As tourist routes open Friday morning between the U.S. and Cuba, Cayman is braced for changes, although the meaning and breadth of adjustments remain to be seen.
President of the Cayman Islands Tourist Association Ken Hydes thinks the opening will be slow, if steady, and the changes gradual. Cayman, he said, will not suffer greatly.
“What I expect, really, is that we are a different destination and a different market,” he said, reiterating remarks last week in which he indicated that Havana would require considerable time and investment to upgrade its facilities to international standards.
“It will be a curiosity,” he said on Thursday, noting that travelers to Cuba may finish their excursion with several days in top-class local accommodation, employing international-standard telecommunications, banking and transport facilities.
A recent Cayman Islands meeting of international hoteliers, he said, agreed the Cuba opening, announced Dec. 17 by U.S. President Barack Obama, was unlikely to siphon significant tourist numbers immediately, and pointed to Thursday’s State Department announcement that U.S. travelers still had to qualify under at least one of a dozen categories before traveling to Cuba.
On Thursday, the U.S. Department of State listed the 12 categories: family visits; official business of the U.S. government, foreign governments, and certain intergovernmental organizations; journalistic activity; professional research and professional meetings; educational activities; religious activities; public performances, clinics, workshops, athletic and other competitions, and exhibitions; support for the Cuban people; humanitarian projects; activities of private foundations or research or educational institutes; exportation, importation, or transmission of information or information materials; and certain authorized export transactions.
The document did not explain, however, how travelers could qualify for the designations or who would review the self-assignments.
A senior U.S. Embassy official in Jamaica said questions still surrounded the meaning of the categories.
“You once needed to apply for a license to travel [to Cuba] under the 12 categories,” he said. “These remain the same, but now, if you meet the conditions, you do not need a license.”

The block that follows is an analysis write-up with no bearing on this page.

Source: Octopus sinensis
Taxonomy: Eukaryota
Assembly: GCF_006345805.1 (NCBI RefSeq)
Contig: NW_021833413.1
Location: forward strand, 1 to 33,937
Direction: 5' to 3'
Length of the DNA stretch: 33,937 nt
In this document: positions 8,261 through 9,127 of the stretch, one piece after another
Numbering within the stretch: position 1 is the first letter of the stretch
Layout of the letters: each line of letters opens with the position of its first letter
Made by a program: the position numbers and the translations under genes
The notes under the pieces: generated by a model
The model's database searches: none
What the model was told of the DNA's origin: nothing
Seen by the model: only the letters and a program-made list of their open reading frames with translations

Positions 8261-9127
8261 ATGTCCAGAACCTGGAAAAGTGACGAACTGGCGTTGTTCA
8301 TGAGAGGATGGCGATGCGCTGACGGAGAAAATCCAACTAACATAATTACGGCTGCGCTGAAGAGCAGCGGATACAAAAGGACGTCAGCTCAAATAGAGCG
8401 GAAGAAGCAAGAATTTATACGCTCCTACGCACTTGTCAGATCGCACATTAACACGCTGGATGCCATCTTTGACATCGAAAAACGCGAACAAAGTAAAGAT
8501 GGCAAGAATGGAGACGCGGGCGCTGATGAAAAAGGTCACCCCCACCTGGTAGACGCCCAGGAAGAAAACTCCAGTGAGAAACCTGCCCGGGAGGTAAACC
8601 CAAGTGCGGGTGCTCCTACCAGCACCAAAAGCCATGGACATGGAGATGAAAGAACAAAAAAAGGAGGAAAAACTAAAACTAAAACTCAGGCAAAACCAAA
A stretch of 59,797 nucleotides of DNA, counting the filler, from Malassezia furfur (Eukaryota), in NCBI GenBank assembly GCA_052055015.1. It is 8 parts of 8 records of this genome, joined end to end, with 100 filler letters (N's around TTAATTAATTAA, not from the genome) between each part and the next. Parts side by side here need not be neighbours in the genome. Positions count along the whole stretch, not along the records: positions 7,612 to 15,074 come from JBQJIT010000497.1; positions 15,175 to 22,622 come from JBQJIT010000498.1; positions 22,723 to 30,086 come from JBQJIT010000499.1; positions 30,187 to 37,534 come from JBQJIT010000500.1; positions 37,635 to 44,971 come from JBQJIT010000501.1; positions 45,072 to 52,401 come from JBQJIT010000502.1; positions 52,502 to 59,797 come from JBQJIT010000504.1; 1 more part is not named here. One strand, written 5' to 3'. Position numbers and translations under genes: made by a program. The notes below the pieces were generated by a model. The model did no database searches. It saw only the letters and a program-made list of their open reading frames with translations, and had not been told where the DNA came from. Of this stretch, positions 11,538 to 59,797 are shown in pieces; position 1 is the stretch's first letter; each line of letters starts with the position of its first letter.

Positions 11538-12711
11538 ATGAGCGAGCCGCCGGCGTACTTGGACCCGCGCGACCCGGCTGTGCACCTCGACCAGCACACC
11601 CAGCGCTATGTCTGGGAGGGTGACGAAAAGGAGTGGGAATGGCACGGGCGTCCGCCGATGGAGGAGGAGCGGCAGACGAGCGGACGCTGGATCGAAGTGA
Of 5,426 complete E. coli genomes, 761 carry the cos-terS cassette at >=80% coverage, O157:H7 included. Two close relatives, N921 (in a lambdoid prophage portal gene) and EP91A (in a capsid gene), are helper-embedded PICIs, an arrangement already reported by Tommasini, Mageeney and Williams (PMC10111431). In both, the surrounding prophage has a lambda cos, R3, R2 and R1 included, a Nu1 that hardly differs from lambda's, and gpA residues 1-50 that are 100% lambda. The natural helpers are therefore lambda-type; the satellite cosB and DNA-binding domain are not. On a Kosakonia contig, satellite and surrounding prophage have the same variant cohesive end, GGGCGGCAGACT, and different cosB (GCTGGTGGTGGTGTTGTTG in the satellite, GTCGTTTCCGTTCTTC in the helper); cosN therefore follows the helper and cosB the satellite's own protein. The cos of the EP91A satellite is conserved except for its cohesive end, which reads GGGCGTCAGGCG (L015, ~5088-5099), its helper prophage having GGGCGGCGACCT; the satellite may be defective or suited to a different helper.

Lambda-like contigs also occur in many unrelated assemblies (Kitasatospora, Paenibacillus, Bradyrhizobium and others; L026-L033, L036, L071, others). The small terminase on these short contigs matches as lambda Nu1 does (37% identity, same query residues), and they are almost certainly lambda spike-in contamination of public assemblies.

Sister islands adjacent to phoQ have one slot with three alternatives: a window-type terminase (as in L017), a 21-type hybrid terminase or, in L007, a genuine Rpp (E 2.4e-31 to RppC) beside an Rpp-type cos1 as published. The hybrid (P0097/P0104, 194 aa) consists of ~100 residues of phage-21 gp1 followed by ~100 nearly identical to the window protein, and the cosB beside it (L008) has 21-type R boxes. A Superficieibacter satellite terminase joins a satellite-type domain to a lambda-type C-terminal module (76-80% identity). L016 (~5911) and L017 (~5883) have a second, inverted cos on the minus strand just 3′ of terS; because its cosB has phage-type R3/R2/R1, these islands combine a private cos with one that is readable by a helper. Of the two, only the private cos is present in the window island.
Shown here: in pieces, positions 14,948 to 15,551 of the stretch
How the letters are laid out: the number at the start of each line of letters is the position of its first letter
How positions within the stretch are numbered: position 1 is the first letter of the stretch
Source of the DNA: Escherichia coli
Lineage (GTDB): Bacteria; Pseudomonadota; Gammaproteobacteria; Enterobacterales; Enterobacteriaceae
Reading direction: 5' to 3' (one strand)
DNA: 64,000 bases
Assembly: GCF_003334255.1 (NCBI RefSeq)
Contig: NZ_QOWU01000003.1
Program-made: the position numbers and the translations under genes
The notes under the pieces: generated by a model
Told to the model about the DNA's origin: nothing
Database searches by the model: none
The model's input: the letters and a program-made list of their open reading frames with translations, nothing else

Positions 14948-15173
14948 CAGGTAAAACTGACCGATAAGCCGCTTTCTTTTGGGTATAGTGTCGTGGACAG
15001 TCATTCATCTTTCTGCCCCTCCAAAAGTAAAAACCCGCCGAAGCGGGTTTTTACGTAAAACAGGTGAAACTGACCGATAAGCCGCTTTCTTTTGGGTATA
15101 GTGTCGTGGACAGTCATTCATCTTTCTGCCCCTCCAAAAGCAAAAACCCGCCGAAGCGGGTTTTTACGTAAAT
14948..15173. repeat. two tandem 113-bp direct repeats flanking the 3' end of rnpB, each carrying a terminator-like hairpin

Washington’s Office of Foreign Assets Control on Thursday said general tourism was still prohibited.
While a “case-by-case” license was no longer necessary, the office nonetheless said official regulations continued “not to authorize travel for tourist activities, which is prohibited by statute,” and that authorized travel would still “contain certain restrictions appropriate to each category of activities.”
Minister for Tourism Moses Kirkconnell agreed that changes would be gradual: “In terms of the impact this latest move will have on tourism arrivals in the Cayman Islands, the ministry and our tourism industry partners remain watchful of developments between the U.S. and Cuba, but we are not unduly concerned about losing core market share at this juncture.”
“Additionally,” he said, “it is important to note that while trade and travel restrictions have been somewhat eased in various categories, the ban on unrestricted travel between the U.S. and Cuba for tourism purposes still remains in place.”
Cayman Airways CEO Fabian Whorms said new U.S. regulations would “allow U.S. carriers eventually to start operating direct scheduled flights to and from Cuba, but the rules and/or guidelines to achieve that are yet to be defined.”
He did not, however, anticipate any immediate decline in Cayman Airways passengers passing through Cayman en route to Havana.
“We are not perturbed with what is happening right now. For the moment it’s not that much of a change for our passengers traveling between Cuba and the USA,” Mr. Whorms said, making clear that “about 100 percent of our [Cuba] traffic is non-U.S. passport holders.
The previous U.S. restrictions did not affect those passengers and this easing “is not relevant to them either,” Mr. Whorms said.
He was reluctant to disclose the number of passengers flying to Cuba from Owen Roberts International Airport, saying the figure was “commercially sensitive,” and he wanted “to preserve the airline’s market intelligence from potential competition.”
However, a Department of Immigration response to a 2008 Freedom of Information request offered a sense of magnitude: Almost 70,000 in-transit passengers moved through the airport that year – 35,087 arrivals and 34,836 departures.